What's Inside the OA-5 Spacecraft?
On Saturday, October 15, 2016 NASA's Wallops Island hosted a pair of OA-5 prelaunch briefings for tomorrow's planned Cygnus resupply mission to the International Space Station. Representatives from NASA, Orbital ATK, the Center for the Advancement of Science in Space (CASIS), NanoRacks and Edge of Space met with members of the press and invited members of NASA Social to talk about the various science experiments heading to the ISS aboard the Cygnus cargo freighter.
Earlier this year, the Cygnus OA-6 mission carried an experiment named SAFFIRE I, which investigated fire burning in space (a potentially dangerous activity which requires careful study). Based on the results from that experiment, the OA-5 mission will launch SAFFIRE II into orbit tomorrow night.
(Side note, due to scheduling changes between Orbital ATK and United Launch Alliance earlier this year, the fifth Cygnus mission flew under the headline OA-6 aboard an Atlas V rocket, while this weekend's launch of the sixth Cygnus mission will be termed OA-5, and use the new upgraded Antares launch vehicle.)
In addition to SAFFIRE II, the OA-5 mission will also carry NASA's Cool Flames experiment, investigating why particular fuels continue the process of combustion after being apparently extinguished. Jesse Robbins, system engineer for the Cool Flames Investigation at NASA’s Glenn Research Center explained that the Cool Flame experiment must be performed in microgravity, as the sustained combustion/reignition of the liquid fuels (such as n-heptane) can take up to two and a half minutes to observe, and there are not facilities on earth which can suspend the fuel in place for a long enough duration to observe the outcome. Robbins compared the effect to a trick birthday candle, re-lighting after being blown out.
Also flying on OA-5 are external cubesat deployment structures designed by NanoRacks, which can be used to eject small satellites (termed Cubesats) into a higher altitude orbit than the ISS, allowing the satellites to remain in space for up to 3 years, compared to the roughly 6-months to one-year timeframe currently possible using the airlock on the station itself. Additionally, using this external launcher both frees up time spent by astronauts on the station who will no longer need to manually deploy the satellites, as well as reducing congestion in the station's airlock by reducing the number of payloads waiting to use that airlock.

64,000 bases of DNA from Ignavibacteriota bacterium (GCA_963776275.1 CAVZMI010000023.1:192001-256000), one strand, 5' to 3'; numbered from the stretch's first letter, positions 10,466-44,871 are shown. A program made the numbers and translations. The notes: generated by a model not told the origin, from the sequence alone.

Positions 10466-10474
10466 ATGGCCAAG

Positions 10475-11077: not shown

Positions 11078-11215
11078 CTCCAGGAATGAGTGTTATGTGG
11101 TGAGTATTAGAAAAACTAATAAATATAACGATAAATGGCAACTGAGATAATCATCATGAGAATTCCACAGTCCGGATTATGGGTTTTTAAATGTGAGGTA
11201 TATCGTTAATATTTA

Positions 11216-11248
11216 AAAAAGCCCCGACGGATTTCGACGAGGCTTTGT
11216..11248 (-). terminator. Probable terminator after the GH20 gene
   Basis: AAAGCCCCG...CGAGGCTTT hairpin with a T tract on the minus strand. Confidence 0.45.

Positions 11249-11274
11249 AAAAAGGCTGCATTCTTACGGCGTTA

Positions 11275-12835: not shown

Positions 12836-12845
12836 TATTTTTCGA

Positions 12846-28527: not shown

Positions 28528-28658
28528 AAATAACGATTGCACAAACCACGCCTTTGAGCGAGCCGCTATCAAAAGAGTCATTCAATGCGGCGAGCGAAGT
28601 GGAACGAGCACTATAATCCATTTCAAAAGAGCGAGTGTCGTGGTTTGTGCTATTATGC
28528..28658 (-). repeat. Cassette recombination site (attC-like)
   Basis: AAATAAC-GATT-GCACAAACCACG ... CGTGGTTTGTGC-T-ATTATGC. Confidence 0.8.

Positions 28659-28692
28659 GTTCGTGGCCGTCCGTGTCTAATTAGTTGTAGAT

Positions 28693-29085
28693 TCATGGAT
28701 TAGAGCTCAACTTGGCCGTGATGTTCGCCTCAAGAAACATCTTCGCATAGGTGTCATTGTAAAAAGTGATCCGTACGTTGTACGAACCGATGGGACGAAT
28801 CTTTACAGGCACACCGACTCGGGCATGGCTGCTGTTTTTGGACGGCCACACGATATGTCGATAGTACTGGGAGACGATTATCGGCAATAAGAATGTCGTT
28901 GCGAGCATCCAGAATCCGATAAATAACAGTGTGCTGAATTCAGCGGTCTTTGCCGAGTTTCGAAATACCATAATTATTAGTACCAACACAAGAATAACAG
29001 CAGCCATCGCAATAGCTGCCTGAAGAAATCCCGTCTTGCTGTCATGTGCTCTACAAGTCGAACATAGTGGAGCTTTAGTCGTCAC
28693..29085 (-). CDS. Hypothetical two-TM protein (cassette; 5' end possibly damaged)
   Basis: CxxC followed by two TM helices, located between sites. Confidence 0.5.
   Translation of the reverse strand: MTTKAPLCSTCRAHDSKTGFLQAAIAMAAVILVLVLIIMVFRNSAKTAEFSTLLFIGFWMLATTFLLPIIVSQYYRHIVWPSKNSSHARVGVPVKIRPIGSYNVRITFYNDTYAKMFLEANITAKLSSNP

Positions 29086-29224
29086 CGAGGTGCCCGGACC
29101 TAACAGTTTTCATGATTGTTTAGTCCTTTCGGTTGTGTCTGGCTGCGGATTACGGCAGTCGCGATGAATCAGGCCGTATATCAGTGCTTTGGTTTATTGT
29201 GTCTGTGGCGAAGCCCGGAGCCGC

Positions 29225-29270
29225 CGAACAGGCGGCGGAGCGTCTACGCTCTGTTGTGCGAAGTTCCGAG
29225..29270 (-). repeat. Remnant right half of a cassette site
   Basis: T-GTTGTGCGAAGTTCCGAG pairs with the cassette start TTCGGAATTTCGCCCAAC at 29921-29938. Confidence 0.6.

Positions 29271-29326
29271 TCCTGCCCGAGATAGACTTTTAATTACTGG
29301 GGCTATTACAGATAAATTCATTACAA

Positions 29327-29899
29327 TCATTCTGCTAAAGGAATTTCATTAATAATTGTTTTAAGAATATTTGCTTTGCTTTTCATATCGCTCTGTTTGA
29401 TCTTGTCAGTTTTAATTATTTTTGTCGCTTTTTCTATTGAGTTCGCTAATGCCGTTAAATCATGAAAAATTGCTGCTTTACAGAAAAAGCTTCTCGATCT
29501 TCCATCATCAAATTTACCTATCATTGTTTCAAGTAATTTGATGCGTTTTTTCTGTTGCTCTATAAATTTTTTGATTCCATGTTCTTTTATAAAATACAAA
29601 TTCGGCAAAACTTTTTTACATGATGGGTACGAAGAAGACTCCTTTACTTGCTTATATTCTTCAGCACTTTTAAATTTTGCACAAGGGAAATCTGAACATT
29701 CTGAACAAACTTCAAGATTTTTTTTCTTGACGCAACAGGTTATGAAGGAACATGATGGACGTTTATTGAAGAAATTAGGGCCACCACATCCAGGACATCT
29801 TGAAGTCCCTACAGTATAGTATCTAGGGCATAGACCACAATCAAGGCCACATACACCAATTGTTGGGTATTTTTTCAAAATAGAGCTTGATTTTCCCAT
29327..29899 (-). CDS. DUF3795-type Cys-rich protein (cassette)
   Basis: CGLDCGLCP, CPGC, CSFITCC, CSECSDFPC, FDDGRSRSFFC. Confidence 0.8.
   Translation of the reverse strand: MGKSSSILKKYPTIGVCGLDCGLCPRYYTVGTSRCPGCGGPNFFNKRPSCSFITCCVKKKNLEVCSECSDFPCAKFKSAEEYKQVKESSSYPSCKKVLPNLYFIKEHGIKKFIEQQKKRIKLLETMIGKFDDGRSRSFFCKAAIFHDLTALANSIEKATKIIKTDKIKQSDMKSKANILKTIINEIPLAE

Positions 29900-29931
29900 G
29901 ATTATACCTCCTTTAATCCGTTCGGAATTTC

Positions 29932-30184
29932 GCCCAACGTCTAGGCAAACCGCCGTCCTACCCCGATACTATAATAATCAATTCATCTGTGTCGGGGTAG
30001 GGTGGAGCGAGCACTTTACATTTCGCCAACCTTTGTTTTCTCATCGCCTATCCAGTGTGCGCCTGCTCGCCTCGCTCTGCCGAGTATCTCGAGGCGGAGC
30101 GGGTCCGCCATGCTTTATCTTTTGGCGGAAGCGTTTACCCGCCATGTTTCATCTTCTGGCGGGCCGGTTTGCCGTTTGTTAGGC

Finally Ed Harris (no, not that Ed Harris) from Edge of Space discussed the SPRK robot from Sphero, which will be riding to the ISS in one of NanoRacks's new Black Box experiment carriers. Sphero made headlines last year by developing the BB-8 robot toy from Star Wars: The Force Awakens, and have moved beyond toys to now producing a programmable rolling robot, aimed particularly at students in their tweens. Among other things, Edge of Space is interested in learning how this robot will move about in microgravity, and also in a simulated reduced gravity environment, similar to that of the surface of Mars. NanoRacks's Black Box carrier will provide the opportunity to manipulate and observe the SPRK robot in a controlled environment on board the station.
(Part two of this article, appearing tomorrow, will cover the pre-launch briefing by members of NASA, Orbital ATK and Virginia Commercial Spaceflight Authority.)
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